Calibrations from the Fossil Record

Research output: Chapter in Book/Report/Conference proceedingChapterpeer-review

Abstract

Molecular clocks can be used to reconstruct evolutionary timescales based on analyses of genetic data, but these clocks need to be calibrated in order to give estimates in absolute time. Calibration is most often carried out using fossil evidence of the timing of evolutionary events, corresponding to internal nodes in phylogenetic trees. Early molecular dating studies treated fossil calibrations as point values, whereas later methods allowed calibrations to be specified as age constraints on nodes. The application of Bayesian methods to phylogenetic analysis opened up opportunities for fossil calibrations to take more complex forms. In this chapter, we trace the development and use of fossil calibrations and describe some a priori and a posteriori methods and criteria for evaluating their quality. We then present two examples of fossil calibrations from modern birds. Our chapter concludes with a discussion of the limitations of fossil calibrations, along with the changing role of the palaeontological record in molecular dating.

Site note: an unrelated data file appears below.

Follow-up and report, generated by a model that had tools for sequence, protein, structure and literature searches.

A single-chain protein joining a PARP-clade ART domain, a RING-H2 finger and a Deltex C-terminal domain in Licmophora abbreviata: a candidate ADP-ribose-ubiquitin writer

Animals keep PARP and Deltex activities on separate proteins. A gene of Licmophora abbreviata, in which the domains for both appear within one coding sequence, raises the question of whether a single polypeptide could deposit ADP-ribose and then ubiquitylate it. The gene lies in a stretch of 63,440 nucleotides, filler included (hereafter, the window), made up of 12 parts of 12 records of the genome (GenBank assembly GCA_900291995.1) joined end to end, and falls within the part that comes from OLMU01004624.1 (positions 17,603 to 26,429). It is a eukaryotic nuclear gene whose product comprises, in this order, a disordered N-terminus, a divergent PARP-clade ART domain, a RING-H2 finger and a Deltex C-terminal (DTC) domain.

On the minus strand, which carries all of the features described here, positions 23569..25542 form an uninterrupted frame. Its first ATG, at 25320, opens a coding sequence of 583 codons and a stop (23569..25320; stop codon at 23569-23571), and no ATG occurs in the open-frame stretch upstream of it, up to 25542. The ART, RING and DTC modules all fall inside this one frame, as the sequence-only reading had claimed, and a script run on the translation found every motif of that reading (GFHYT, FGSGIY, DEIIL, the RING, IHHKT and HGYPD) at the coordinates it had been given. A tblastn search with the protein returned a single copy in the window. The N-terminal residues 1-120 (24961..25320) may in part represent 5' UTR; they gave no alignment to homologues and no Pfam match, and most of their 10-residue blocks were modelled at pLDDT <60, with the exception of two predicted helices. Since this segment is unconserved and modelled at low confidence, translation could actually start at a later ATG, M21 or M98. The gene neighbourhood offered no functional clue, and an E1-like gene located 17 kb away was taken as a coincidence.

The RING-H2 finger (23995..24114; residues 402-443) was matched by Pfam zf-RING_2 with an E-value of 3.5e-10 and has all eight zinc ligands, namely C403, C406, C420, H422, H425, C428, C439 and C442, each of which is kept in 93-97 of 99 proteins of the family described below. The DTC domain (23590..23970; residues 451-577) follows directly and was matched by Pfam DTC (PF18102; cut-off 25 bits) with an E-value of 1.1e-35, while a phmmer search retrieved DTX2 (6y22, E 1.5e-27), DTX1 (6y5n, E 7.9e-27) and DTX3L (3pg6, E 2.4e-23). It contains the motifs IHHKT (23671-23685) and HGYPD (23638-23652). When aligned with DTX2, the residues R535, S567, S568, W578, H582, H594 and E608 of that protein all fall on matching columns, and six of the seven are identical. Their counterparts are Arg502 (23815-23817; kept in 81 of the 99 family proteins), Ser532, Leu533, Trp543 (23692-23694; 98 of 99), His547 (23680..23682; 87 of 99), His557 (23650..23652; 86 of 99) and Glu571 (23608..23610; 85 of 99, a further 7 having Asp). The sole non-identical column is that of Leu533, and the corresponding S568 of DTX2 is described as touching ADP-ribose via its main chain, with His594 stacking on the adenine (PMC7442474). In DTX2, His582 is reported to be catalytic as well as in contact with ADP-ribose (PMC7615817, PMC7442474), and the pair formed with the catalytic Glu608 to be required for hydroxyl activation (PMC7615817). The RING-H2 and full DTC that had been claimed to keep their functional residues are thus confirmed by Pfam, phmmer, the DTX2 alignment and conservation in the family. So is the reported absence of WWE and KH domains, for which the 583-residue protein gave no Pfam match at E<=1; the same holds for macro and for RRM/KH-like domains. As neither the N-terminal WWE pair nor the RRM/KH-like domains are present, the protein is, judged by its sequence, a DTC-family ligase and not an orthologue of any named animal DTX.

Original languageEnglish
Title of host publicationThe Molecular Evolutionary Clock: Theory and Practice
EditorsSimon Y. W. Ho
Place of PublicationSwitzerland
PublisherSpringer, Cham
Chapter8
Pages117-133
Number of pages17
ISBN (Electronic)9783030601812
ISBN (Print)9783030601805
DOIs
Publication statusPublished - 2020

Keywords

  • Molecular clock
  • Molecular dating
  • Fossil calibration
  • Age constraints
  • Calibration prior
  • Phylogenetic analysis
  • Modern birds

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